120 min., rated R.
It's surprising how long it took for Tinseltown to secure the rights to remake Park Chan-wook's one crazily twisted, shockingly perverse and squeamishly violent 2003 South Korean revenge-pulp cult opus, not only memorable for its real live-octopus-eating scene and brutal manga-style violence but an extremely lurid conclusion. One of the few American remakes to mostly reclaim the daring, danger, and darkness of its foreign-language precursor, Spike Lee's "Oldboy" (credited as a film this time and not a "joint") somehow avoided enough cuts to appease the MPAA ratings board and not lose its nerve in translation as a studio release. It's a ballsy, grisly piece of work about really bad karma and the most elaborate revenge scheme since, well, the original "Oldboy."
In 1993, Joe Doucett (Josh Brolin), a boozy, loutish advertising executive, is hated by his ex-wife who scolds him for missing his three-year-old daughter's birthday. At a work pitch in a restaurant, he propositions the client's wife and loses the deal. After going towards a woman under a yellow umbrella one dark, rainy night, Joe later wakes up in a dingy room he initially takes for a motel room that which he cannot escape. A scenic country painting standing as a fake window changes. He's delivered vodka and Chinese dumplings through a doggie door each day. Then he catches a newscast, reporting that his ex-wife has been raped and killed and Joe, himself, is the prime suspect. Twenty years tick by based on news events, from 1997's second inauguration of President Clinton, to the 9/11 terrorist attacks, to Hurricane Katrina in 2005, to, finally, President Obama's second inauguration in 2013. Via a TV crime show, he learns that his daughter, who's been adopted, grown up. Between kung-fu movies and aerobics exercise programming, Joe builds muscle, ready to take out the men that have put him in that cell, framed him for murder, and find his daughter. Finally set free into the present-day world and waking up in a box in a field, Joe won't stop until he gets revenge on those who imprisoned him for two decades in solitary confinement, and hopefully he can get an answer to why.
A grimly sordid, unusual, and very R-rated retooling, "Oldboy" doesn't relent and compromises very little, allowing the film to make its own mark without being a slavish imitation. Director Spike Lee and writer Mark Protosevich (2007's "I Am Legend") expand more on the backstory of Joe and his captivity, showing him in a drunken stupor before his kidnapping and then, through close-ups, sustaining enough uncomfortable claustrophobia in one room that would make anyone go stir-crazy. For those who have already seen this story play out, it's hard not to compare, most of all the climax and finale, but let's focus on what Lee's "Oldboy" does right. A grinning black bellhop (Cinqué Lee, Spike's brother) in a "Welcome! What Can We Do To Improve Your Stay?" poster on the wall of Joe's room is a small but sinister touch for a hallucination. Joe also befriends a mouse, à la "The Green Mile," that births babies, with sad results. An early brawl on a football field is too abrupt and campy, but later, filmed in a similar tracking shot to the original, the 1970s kung fu or Steven Seagal movie-inspired set-piece that has Joe fighting off a bunch of foes with a hammer and then a knife on two levels of a warehouse is impressively choreographed like an operatic, almost-farcical comic book with a macabre sense of humor. A visceral, teeth-gritting comeuppance on the prison warden (Samuel L. Jackson with a blonde mohawk on his bald head) with a box cutter actually rivals the Korean film's teeth-extraction scene. In relation to the original, there is a passing nod to octopus that no one eats, and it's just as well because Joe's taste testing of dumplings in different "Dragon" Chinese restaurants is disgusting enough for the gag reflex.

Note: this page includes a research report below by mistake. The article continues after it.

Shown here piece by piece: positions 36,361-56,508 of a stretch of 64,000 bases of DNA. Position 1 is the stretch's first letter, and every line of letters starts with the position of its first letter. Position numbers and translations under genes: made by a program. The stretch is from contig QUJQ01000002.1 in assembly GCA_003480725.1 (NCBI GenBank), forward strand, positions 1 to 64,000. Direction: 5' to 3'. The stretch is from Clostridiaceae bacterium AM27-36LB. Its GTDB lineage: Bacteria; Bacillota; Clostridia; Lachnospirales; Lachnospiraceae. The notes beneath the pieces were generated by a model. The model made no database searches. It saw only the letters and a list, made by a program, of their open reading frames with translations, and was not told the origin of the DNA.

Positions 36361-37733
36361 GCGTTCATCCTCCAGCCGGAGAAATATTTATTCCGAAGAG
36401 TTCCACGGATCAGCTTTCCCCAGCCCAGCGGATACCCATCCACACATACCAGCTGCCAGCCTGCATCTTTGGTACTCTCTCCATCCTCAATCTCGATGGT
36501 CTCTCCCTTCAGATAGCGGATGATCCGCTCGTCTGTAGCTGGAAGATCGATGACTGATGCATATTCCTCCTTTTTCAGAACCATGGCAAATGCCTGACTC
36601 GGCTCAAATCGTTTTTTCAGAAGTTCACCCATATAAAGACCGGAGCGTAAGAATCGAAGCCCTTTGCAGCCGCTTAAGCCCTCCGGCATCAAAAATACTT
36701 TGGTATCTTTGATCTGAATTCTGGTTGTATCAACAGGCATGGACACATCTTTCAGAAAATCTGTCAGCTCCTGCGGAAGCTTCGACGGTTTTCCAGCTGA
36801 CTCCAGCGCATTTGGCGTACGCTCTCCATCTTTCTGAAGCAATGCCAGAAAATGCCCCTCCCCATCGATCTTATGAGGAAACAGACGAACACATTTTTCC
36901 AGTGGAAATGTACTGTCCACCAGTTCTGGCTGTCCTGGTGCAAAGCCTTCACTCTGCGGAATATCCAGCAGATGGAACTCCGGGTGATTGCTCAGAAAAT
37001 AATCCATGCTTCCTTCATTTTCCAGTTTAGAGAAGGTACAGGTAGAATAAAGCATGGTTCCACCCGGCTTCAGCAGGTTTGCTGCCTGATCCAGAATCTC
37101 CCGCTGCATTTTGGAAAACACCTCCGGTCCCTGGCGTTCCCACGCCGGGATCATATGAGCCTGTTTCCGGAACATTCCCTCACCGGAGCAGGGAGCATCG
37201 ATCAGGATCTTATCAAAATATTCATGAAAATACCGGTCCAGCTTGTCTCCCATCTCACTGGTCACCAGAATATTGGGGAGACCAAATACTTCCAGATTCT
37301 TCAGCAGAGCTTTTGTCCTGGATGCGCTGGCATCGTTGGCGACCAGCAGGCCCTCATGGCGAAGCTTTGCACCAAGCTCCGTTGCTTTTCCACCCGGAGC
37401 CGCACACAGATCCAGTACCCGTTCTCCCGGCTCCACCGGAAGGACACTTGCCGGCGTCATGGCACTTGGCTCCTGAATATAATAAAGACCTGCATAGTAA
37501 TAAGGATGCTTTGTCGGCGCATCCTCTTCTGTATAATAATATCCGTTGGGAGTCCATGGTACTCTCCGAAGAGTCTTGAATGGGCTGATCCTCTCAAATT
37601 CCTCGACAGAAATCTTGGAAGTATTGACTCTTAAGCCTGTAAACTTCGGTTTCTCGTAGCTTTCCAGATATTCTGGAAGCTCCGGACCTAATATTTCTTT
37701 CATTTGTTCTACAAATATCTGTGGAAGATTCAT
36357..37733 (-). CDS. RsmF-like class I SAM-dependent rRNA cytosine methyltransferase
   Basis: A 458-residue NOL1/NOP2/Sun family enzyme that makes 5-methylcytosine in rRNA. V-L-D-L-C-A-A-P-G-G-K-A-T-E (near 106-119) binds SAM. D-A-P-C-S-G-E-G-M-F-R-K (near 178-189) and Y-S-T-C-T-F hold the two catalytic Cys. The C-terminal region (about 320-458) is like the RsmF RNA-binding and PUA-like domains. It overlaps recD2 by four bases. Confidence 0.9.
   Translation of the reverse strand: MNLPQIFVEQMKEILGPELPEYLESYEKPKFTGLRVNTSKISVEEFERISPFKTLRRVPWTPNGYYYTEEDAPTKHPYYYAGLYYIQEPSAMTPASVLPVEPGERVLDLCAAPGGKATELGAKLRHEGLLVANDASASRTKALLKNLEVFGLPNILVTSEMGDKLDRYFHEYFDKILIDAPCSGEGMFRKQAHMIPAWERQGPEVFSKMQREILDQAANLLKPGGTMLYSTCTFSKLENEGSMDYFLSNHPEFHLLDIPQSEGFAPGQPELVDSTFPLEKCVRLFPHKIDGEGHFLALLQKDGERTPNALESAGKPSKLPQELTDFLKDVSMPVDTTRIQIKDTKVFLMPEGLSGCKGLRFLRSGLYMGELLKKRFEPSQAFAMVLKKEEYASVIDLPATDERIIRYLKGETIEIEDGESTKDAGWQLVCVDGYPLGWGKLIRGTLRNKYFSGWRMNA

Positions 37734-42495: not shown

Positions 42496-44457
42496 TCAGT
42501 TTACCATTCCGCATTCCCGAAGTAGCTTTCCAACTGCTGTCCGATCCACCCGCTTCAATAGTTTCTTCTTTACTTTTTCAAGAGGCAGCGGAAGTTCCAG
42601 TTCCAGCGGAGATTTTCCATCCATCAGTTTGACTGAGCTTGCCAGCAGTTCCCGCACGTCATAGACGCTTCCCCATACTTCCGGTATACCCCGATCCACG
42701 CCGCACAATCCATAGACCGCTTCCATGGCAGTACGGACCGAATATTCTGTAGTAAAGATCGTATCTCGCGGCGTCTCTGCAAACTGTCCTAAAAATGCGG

Presenting Joe as a thoroughly unlikable jerk is an interesting, more detached choice. Josh Brolin is riveting here, traversing into unthinkably dark places and capturing his inner-outer torment before and after he's been imprisoned like a caged animal. From what he goes through, one is able to eventually sympathize with him as what he has to live with has been chosen for him. The involvement of medical worker Marie takes a small leap of faith and should have been decelerated to grow and heighten the film's impact. Fortunately, ever-talented rising star Elizabeth Olsen has such a warmth and modest sensuality about her that one might not scrutinize such plotting in the moment. Sharlto Copley is deliciously evil and occasionally cartoony, but a truly one-of-a-kind villain as the effeminate billionaire with a gloriously punishing m.o. and apparent belief that revenge is a dish best served cold. Michael Imperioli also lends strong support as Chucky, Joe's former classmate and a bartender who was the last person to see him before he disappeared.
There is a fine line between a film that takes bleakly disturbing turns and one whose sole purpose is to turn stomachs. Making its way around the genre spectrum as a nightmarish chamber piece, a brutal exploitation revenge-thriller, a serpentine investigative mystery, and a taboo-crushing tragedy of lost souls being ruined, "Oldboy" organically hinges on one staggeringly queasy revelation—the reason why the stranger set Joe free from captivity—and it might put a bad taste in the mouths of the less ready and willing audiences, but it should provoke and disturb anyone who watches. It might not match the ambiguity and emotional power of Park Chan-wook's version, especially with a new, softer denouement, but it still has an indelibly sick bite. A word of warning, though: "Oldboy" is not for the faint of heart and not really palatable for casual moviegoers.